President Joe Biden speaks at the White House in Washington, U.S., August 5, 2022. (REUTERS)
Updated 08 August 2022

Biden denounces killings of four Muslims in US city

President Joe Biden speaks at the White House in Washington, U.S., August 5, 2022. (REUTERS)
  • “Investigators believe Friday’s murder may be connected to three recent murders of Muslim men also from South Asia,” the statement said

WASHINGTON: President Joe Biden on Sunday deplored the killings of four Muslim men in New Mexico, which police say may be linked.
“I am angered and saddened by the horrific killings of four Muslim men in Albuquerque,” the US president said on Twitter.
“While we await a full investigation, my prayers are with the victims’ families, and my Administration stands strongly with the Muslim community. These hateful attacks have no place in America.”
Police in Albuquerque, New Mexico’s largest city, said Saturday they are investigating the murders of three Muslim men that they now suspect are related to a fourth homicide from last year.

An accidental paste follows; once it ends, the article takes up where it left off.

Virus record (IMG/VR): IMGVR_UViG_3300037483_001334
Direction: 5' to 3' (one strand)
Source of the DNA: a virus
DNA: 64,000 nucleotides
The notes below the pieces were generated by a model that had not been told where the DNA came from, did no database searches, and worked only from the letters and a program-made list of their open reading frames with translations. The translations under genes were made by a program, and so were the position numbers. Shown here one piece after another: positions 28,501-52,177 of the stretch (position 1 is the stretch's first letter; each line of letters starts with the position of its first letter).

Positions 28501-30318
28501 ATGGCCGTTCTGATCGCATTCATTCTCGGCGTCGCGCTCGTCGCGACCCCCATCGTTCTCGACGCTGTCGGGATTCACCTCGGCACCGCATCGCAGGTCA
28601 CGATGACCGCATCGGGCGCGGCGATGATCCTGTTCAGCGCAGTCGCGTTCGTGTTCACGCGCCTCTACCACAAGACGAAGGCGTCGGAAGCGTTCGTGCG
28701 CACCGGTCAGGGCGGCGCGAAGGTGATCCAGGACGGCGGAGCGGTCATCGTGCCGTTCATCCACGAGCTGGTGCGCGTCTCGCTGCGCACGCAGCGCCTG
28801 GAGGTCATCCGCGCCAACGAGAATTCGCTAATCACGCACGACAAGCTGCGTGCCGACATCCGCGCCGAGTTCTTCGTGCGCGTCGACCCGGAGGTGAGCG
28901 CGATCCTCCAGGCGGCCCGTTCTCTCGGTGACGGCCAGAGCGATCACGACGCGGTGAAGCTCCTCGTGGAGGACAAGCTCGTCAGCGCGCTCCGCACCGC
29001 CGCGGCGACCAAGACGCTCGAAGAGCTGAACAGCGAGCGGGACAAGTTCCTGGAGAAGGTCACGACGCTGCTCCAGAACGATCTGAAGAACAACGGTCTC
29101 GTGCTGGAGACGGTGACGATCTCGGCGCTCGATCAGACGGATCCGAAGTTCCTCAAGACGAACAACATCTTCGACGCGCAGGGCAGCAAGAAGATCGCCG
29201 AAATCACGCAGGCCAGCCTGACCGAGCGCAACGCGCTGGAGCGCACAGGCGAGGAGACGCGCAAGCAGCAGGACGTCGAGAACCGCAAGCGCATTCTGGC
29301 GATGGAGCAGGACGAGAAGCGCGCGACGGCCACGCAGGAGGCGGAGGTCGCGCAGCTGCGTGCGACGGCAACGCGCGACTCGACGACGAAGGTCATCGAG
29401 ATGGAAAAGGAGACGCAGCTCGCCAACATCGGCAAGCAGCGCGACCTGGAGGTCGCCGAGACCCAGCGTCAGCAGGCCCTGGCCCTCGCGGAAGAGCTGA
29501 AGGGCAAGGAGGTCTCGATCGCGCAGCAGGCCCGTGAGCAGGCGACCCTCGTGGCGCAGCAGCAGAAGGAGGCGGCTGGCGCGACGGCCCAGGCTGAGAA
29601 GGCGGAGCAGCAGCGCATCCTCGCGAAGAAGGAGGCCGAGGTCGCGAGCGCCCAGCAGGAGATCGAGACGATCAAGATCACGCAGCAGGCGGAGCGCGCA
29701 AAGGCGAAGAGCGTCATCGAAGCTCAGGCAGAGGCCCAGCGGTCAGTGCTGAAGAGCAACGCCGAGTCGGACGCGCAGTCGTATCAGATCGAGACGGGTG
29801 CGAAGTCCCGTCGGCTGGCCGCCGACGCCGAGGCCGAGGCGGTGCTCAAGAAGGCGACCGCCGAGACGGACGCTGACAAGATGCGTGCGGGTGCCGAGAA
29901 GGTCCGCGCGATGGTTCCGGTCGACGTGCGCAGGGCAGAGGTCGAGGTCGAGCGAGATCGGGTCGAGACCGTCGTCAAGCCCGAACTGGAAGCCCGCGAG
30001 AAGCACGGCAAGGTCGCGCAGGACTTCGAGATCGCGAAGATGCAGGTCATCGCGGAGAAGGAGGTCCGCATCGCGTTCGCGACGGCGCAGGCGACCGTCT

The Albuquerque police department said in a statement they had discovered the latest victim overnight Friday.
His body was discovered near a Lutheran Family Services office that provides assistance to refugees, TV station KOB4 reported.
Police did not identify the man but said he was in his mid-20s, Muslim and “a native from South Asia.”
“Investigators believe Friday’s murder may be connected to three recent murders of Muslim men also from South Asia,” the statement said.
Two of the previous victims were Muslim Pakistani men, a 27-year-old whose body was found on August 1 and a 41-year-old who was found on July 26.